One Symptom, Many Causes

There are many conditions that may result in bladder leakage including:

When any of the anatomy that perform a role in the urinary process are tampered with or affected by other variables, the chances of developing stress urinary incontinence may increase.

Occasional leaks, wet pants, and a frequent or sudden need to urinate can happen at any age. Bladder leakage in men is usually caused by a damaged sphincter muscle or improperly functioning bladder (the sphincter is the circular muscle that controls urine flow out of the bladder).

Short-term bladder leakage can also result from some medications or urinary tract infections. Incontinence due to nerve or muscle damage may cause longer-term leakage.1 Whatever the reason, incontinence can affect your self-image and your ability to enjoy life. If you have adjusted your life due to urine leakage, you may want to work with a urologist who specialises in bladder control.

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Causes and symptoms of stress urinary incontinence

Other Causes of Incontinence

Incontinence can also be a consequence of other circumstances that may result in bladder leakage such as:

  • The development of neurologic disorders7,9,12 
  • Pelvic trauma7,9,12

These conditions can also damage or prevent the sphincter muscles from working properly to hold urine in the bladder resulting in urinary incontinence.

Enlarged Prostate Surgery

Some degree of bladder leakage may occur after treatment of an enlarged prostate gland (also known as benign prostatic hyperplasia or BPH).8

The prostate gland sits just below the bladder and wraps around the urethra. As you age, your prostate gland may start to grow and may eventually squeeze or partially block urine flow.

One common treatment for BPH is a TURP, the transurethral resection of the prostate, which removes a part of your prostate gland to make room for urine flow. While most men regain bladder control months after the TURP procedure, up to 3% of men find that they dribble, leak or can’t hold their urine.9 Other BPH treatment options range from behaviour modification and watchful waiting to medications and minimally invasive procedures.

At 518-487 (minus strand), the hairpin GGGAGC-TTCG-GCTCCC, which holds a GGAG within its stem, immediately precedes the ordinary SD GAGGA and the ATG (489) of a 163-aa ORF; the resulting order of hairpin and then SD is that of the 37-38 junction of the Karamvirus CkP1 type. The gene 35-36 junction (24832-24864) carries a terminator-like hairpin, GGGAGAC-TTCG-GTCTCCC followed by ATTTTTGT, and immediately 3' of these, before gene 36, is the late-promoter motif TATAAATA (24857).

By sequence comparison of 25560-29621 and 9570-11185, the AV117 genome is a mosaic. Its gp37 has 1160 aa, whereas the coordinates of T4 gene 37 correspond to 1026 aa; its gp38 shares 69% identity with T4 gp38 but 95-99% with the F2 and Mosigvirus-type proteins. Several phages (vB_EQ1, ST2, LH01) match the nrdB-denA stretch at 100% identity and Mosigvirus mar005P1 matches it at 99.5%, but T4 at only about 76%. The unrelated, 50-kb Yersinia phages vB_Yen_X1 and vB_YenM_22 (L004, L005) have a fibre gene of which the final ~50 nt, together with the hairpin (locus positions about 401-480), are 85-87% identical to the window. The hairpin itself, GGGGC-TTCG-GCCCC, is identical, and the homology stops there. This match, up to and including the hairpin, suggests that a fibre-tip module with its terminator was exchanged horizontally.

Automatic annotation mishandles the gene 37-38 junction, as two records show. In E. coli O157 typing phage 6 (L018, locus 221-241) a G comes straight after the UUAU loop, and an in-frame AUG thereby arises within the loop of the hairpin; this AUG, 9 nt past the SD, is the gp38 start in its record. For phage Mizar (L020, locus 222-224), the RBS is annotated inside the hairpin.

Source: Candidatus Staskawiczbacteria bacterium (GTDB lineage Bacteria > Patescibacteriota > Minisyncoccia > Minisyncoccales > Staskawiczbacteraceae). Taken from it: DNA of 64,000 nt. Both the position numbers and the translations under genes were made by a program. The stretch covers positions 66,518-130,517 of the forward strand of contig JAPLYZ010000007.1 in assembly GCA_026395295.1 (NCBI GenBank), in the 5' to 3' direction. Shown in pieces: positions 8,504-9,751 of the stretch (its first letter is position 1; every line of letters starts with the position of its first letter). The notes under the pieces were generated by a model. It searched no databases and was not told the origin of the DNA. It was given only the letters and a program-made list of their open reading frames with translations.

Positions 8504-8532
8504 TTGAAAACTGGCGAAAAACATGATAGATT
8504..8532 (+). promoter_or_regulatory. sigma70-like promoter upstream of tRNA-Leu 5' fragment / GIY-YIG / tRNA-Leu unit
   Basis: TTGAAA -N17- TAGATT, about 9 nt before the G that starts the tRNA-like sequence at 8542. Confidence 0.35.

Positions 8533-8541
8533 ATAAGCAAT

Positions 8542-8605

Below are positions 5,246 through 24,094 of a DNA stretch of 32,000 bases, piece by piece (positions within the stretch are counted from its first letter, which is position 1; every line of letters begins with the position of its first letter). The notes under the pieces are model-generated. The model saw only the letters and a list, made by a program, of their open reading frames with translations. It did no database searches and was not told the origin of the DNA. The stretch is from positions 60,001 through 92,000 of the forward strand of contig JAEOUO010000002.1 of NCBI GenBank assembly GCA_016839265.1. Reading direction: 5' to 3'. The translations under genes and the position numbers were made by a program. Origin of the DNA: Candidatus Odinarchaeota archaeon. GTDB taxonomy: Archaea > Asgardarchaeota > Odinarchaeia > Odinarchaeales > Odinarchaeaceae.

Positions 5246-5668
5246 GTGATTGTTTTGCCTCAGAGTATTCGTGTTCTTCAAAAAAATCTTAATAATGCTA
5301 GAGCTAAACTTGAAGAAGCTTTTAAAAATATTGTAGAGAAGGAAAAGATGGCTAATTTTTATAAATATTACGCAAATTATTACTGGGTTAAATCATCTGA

Learn More about BPH

Pelvic Trauma

Pelvic trauma in men can be the result of a car accident, fall and/or straddle injuries (injuries to the area between the legs). When trauma impacts the urethra, the damage can lead to bladder leakage. This type of trauma can range in its severity and some injuries can require immediate or delayed urinary reconstruction. For more severe injuries, some men continue to have bladder control problems.10 Pelvic trauma can also damage the nerves that run alongside the urethra, which can lead to erectile dysfunction (ED).11

Learn More about ED


Talk to a Urologist about treatment options

Take the Quiz

Take our quiz to identify if you are experiencing urinary incontinence symptoms and help kick-start the conversation with your doctor.

Questions to Ask

Helpful hints on how to start the conversation with your GP or urologist, and other useful resources.


  1. Mayo Clinic. Urinary incontinence in men. June 2014. Accessed September 13, 2016.
  2. Prostate Cancer Statistics. (2015, December 17). Retrieved from
  3. Radical prostatectomy hospital admissions 40 years and over. (2015). Australian Atlas of Healthcare,129-134. Retrieved July 16, 2019.
  4. Hoyland, K., Vasdev, N., Abrof, A., & Boustead, G. (2014). Post-radical prostatectomy incontinence: etiology and prevention. Reviews in urology, 16(4), 181–188.
  5. Ficarra V, Novara G, Rosen RC, et al. Systematic review and meta-analysis of studies reporting urinary continence recovery after robot-assisted radical prostatectomy. Eur Urol. 2012 Sep;62(3):405-17.
  6. Prostate Cancer: Urinary Incontinence. WebMD Website. Accessed September 13, 2016.
  7. Chung, E., Katz, D. J., & Love, C. (2017). Adult male stress and urge urinary incontinence – A review of pathophysiology and treatment strategies for voiding dysfunction in men. Australian Family Physician, 46(9), 661–666.
  8. About Incontinence—Contributing Factors—Prostate Problems in Men. The Simon Foundation for Continence. Accessed September 13, 2016.
  9. Sandhu JS. Treatment options for male stress urinary incontinence. Nat Rev Urol. 2010 Apr;7(4):222-8.3.
  10. Herschorn S, Bruschini H, Comiter C, et al. Surgical treatment of stress incontinence in men. Neurourol Urodyn. 2010;29(1):179-90.
  11. Kotkin L, Koch MO. Impotence and incontinence after immediate realignment of posterior urethral trauma: result of injury or management? J Urol. 1996 May;155(5):1600-3.
  12. Data on file with Boston Scientific. Based on market research by Dymedex

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